Wednesday, 26 March 2008

janet morton (knit)

early frost - 2004

Artist Janet Morton's knitted work can be seen indoors and frequently out in the community, covering trees and buildings. Who could ever have thought that anyone could make trees more beautiful than nature has already? But these stunning web-like crochet coverings comfortably creep across their trunks.. hugging, decorating, warming and accentuating the contours of the towering stately creatures.

linden in lace - 2003

Her work is a wide-ranging exploration of architecture, texture, comfort, values, our use of exterior or interior spaces, of feminism, domesticity, craft, language, isolation and community. Quite a lot..

four season tree - 2004

To add 10,000 cloth leaves to the branches of trees (see above) is indeed beautiful, industrious and thought-provoking. Here all the seasons are present at once, showing the myriad of beautiful colours the tree presents us with throughout a year. The whole cycle in one place, although artificially created. Presenting her works continuously in such public arenas shows a desire to communicate with a wide audience and to ensure that nobody be excluded from the participatory experience or to engage with the subject, or piece.

casting off - 2000

The above artwork is a piece involving participants who each knitted and submitted squares. Each square commemorated an event of personal or historical significance, with a date and a ball of wool hanging from it. There were around 400 of these squares.

felled - 1997

The installation above is a translation of a poem. The leaves were made from work socks, as you can see below. The notion of work is another recurrent theme in her work. I interpret this making of beautiful delicate items, from work-worn, day-to-day socks as a mark of respect for the labour they participated in.

felled (detail) - 1997

You may have seen Janet Morton's knitted installation at the Crafts Council's Knit 2 Together exhibition a couple of years ago. It is an entirely knitted interior furnished with items typical of a 1950's suburban living room.
A hoover provides us with a nod to the work or chores of the house, but the woollen cup with a frothy top to it provides us with a nod to the famous feminist piece by Meret Oppenheim. Perhaps she is paying respect to the work of the woman who would have carried out the chores and the knitting in the home at that time? Perhaps the cup is a hint of rebellion or a simple dash of irony.

It is exciting that another distinguished artist is using wool and knitting in such thought-provoking ways giving it the potential to be seen as a serious medium in it's own right. I hope we hear a lot more about her in the future. Please follow this link for a visual archive of her work.


amy p said...

I've returned again and again to your blog. All the articles are simply fascinating. Thanks!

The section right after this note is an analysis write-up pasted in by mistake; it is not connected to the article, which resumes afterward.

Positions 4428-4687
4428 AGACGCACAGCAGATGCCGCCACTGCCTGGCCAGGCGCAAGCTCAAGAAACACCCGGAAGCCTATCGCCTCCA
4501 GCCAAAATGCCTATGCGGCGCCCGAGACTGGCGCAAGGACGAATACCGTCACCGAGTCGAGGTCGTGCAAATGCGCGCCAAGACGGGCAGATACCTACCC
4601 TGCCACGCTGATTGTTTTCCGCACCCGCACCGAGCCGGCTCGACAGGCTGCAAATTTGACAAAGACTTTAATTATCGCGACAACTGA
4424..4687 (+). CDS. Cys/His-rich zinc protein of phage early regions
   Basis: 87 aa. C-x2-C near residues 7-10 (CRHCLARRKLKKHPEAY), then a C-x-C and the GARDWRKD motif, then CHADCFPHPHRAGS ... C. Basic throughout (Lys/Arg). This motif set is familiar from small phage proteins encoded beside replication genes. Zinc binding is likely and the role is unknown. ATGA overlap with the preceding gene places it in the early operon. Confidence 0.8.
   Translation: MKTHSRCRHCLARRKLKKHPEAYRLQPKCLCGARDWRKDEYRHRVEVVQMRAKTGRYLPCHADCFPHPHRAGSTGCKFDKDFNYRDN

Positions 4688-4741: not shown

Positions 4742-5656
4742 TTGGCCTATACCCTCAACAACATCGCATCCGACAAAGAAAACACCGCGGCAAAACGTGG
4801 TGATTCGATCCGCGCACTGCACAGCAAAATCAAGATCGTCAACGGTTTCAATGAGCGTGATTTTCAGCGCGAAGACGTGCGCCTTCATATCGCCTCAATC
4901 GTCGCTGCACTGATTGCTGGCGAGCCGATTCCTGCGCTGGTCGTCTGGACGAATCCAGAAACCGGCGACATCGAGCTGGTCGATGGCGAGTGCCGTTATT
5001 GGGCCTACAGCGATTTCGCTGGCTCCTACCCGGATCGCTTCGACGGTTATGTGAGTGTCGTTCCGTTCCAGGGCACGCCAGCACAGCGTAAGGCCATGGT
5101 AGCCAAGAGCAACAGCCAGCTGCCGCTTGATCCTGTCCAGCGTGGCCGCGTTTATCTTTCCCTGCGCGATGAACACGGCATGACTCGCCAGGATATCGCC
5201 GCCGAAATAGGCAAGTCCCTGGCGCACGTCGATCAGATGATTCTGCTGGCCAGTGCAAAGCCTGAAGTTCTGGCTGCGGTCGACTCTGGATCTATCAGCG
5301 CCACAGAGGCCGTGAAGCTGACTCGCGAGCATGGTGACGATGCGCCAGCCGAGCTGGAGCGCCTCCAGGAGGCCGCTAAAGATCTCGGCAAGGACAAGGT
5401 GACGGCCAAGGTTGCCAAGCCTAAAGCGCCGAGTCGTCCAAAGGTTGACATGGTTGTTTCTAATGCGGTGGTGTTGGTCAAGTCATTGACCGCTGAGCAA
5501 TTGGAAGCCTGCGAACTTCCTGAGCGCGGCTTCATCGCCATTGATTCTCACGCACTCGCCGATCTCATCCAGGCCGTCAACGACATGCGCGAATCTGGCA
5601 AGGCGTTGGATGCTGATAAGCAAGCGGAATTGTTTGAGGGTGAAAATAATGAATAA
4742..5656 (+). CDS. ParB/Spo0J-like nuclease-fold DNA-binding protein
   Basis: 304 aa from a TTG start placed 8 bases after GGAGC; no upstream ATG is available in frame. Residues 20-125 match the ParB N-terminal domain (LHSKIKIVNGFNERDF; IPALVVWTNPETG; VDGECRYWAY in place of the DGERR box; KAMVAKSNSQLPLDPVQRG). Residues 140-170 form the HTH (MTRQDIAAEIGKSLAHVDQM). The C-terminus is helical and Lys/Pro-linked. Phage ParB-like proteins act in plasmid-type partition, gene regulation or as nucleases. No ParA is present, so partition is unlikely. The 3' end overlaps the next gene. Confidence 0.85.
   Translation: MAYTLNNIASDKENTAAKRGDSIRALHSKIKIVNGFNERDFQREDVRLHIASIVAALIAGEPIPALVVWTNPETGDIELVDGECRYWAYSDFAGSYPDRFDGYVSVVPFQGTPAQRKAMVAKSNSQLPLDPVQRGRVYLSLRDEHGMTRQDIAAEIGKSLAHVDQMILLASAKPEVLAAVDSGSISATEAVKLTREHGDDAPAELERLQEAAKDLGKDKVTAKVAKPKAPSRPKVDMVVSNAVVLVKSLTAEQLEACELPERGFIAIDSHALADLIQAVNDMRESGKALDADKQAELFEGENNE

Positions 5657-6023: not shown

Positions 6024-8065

thanks for opening my eyes to this new world! amazing, wow :O

Margie Oomen said...

I am so happy to see you posting about Janet morton, from Toronto , Ontario because you see I live just north of Toronto, love to knit and was very fortunate to see her installation at the Textile Museum in a number of years ago. They still have a book for only 10 dollars which is a catalogue of this exhibit listed in the museum's bookstore. The most amazing and memorable piece in her work was the knitted house cosy she made for a real house on Ward Island . I would love to knit a cosy for a small cabin some day.

DingDongBell said...

I love the juxtaposition of Jane Morton's work, the crochet covered trees are so beautiful with their delicate and fragile embellishment yet are sitting in the natural outdoor landscape...

I am so inspired by the amazing things you find and fascinated by the language you use to describe them, thank you so much.

Carolina Eclectic said...

Oh, I absolutely love this!

Ebba Redman said...

I think this work is really lovely! I have a blog about the resurgence of domestic craft skills, and have created a post linked to your blog. I find it really inspiring to see traditional craft skills used in art. I will be visiting this blog a lot!
Thank you :-)

Bettyjoy said...

Some really wonderful and unique creations!

charlotte said...

ha! I saw this tree on flickr but there was no reference to who it way by or anything. I love it - so nice to see it again :)

Anonymous said...

its the sock leaves for me..

the old worn out and cast autumn leaves.

who would want to touch these old socks unless they were transformed?

La-Isa said...

What fascinating pieces of creations! Just imaginening things and they just start to appear from a small thread of yarn.... What a amazing art Janet MOrton makes!
Love this kind of art, specially those made possible by a bunch of participants.
Here in Holland yarnbombing is not yet being spread all over the country, but just beginning...
I posted it on my facebook page, to spread the word. Thinking about starting a project with friends and more... Thanks!